Price growth slows, landlords reduce leverage, property supply increases
Investment news last week points to subdued property prices, with buy-to-let landlords reducing their exposure to buy-to-let mortgages. Property supply has increased for the third month running and, despite reports of 40% of buy-to-let investors throwing in the towel, three-quarters have said they won’t!
Annual house price growth has halved
According to the Halifax House Price Index, the rate of house price growth has halved in the last 12 months. Price growth peaked at 10% in March 2016, as buyers rushed to complete purchases before stamp duty increased in April.
Prices remained unchanged between February and March for the second month running. Annual house price inflation fell to 3.8% from 5.1%.
CEBR has forecast that house prices will rise by an average of 4.4% in 2017, the slowest annual growth since 2013.
Property supply increases again
New listings in London have stagnated, showing that sellers are unwilling to play the game of chasing property prices lower. However, through the rest of the country, online estate agency HouseSimple.com says that listings increased by 10.3%.
Property listings rose in 76% of towns and cities. Notable exceptions include Telford, Barnsley and Warrington.
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The CEO of HouseSimple.com said that demand from buyers is still strong, and more listings are needed to meet this demand.
Landlords continue to reduce exposure to leveraging
Although leveraging is an accepted property investment strategy, landlords have reduced their exposure to debt again. The average loan-to-value ratio (LVR) is now only 35%, down from 42% in 2012.
- Landlords spend an average of 30% of their rent on mortgage interest
- The average investment property portfolio consists of 13 properties – unchanged since 2016
- The average property portfolio is valued at £1.7 million
- A quarter of landlords think their portfolio value will increase over the next 12 months, while 8% think it will decrease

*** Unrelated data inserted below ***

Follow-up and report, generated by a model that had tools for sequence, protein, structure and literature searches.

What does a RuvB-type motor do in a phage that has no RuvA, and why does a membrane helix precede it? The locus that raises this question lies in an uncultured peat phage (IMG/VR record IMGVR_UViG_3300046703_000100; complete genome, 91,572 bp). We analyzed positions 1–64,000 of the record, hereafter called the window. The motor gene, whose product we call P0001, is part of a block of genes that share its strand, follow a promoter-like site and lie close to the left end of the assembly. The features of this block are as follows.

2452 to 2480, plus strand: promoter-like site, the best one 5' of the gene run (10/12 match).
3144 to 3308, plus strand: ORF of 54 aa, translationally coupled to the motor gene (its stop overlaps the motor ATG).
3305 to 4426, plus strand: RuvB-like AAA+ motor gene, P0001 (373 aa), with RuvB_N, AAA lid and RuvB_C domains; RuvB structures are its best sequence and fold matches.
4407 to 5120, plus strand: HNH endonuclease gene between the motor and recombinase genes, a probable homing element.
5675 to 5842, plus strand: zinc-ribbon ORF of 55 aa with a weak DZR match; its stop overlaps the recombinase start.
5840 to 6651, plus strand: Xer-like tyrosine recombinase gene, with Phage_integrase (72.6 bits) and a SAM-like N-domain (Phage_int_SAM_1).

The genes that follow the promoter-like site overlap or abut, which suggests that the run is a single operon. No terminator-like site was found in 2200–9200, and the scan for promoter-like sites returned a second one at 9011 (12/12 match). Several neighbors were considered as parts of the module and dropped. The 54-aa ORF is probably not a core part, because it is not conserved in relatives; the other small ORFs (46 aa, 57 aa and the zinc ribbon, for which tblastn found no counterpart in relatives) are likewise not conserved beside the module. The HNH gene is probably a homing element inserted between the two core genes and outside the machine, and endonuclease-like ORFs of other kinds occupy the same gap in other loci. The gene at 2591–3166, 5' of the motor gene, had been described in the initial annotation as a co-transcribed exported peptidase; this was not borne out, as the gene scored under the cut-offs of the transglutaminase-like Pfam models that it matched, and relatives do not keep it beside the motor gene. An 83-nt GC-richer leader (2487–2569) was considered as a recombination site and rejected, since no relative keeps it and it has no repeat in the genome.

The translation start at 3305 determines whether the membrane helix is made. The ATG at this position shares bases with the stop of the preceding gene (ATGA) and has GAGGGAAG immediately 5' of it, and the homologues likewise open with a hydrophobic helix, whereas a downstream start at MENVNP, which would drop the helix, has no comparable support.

- 38% of landlords say that tenant demand is ‘growing’ or ‘booming.'
- 46% of landlords believe tenant demand will increase over the next 12 months
Almost half of landlords plan to scale back because of tax changes
The latest landlord survey by AXA has found that 46% of landlords are considering reducing or withdrawing from residential investment property. Almost as many expect tax changes will make them worse off.
However, some headlines have sensationalised the AXA report. Even PropertyNews screams that “Almost 50% of landlords plan to quit due to the unfair tax change.” However, the report found that:
- Only 20% have said they plan to sell all their residential property
- 10% said they would reduce their portfolio
- 7% are considering switching to commercial property
- 8% expect to transfer ownership to their wife or spouse who is in a lower tax bracket (one of the 4 strategies to reduce the effects of UK property tax changes)
One West Midland landlord said that “Landlords with mortgages on their buy-to-let properties are unlikely to make much profit with the new system coming in. People like me may just decide the new system isn’t worth the hassle and sell their properties, leaving less accommodation for people to rent.”
What you can learn from last week’s investment news:
Analysing this investment news flow, we can come to several possible conclusions, including:
- House price growth was boosted this time last year because of a technical situation (trying to beat stamp duty increases). The rapid annual growth rates we’ve seen during the last few years was always going to come to an end. However, they haven’t crashed, and look unlikely to do so. A slowing rate of house price inflation was to be expected, and in the long term will prove to be healthy for the market.
- Although property supply has increased, demand is still high. More property is needed. It points to higher prices in the future. The slowdown in the rate of house price growth may begin to reverse in months to come.
- Buy-to-let investors are deleveraging, and are optimistic about demand for their properties. They’re conservative in their nature, and appear to be preparing for the phasing out of mortgage interest tax relief at the higher rates.
- While higher rate taxpayers may find themselves worse off because of the mortgage interest tax relief changes, most will be taking action to mitigate these. More than three-quarters of landlords aren’t planning to liquidate their property portfolio.
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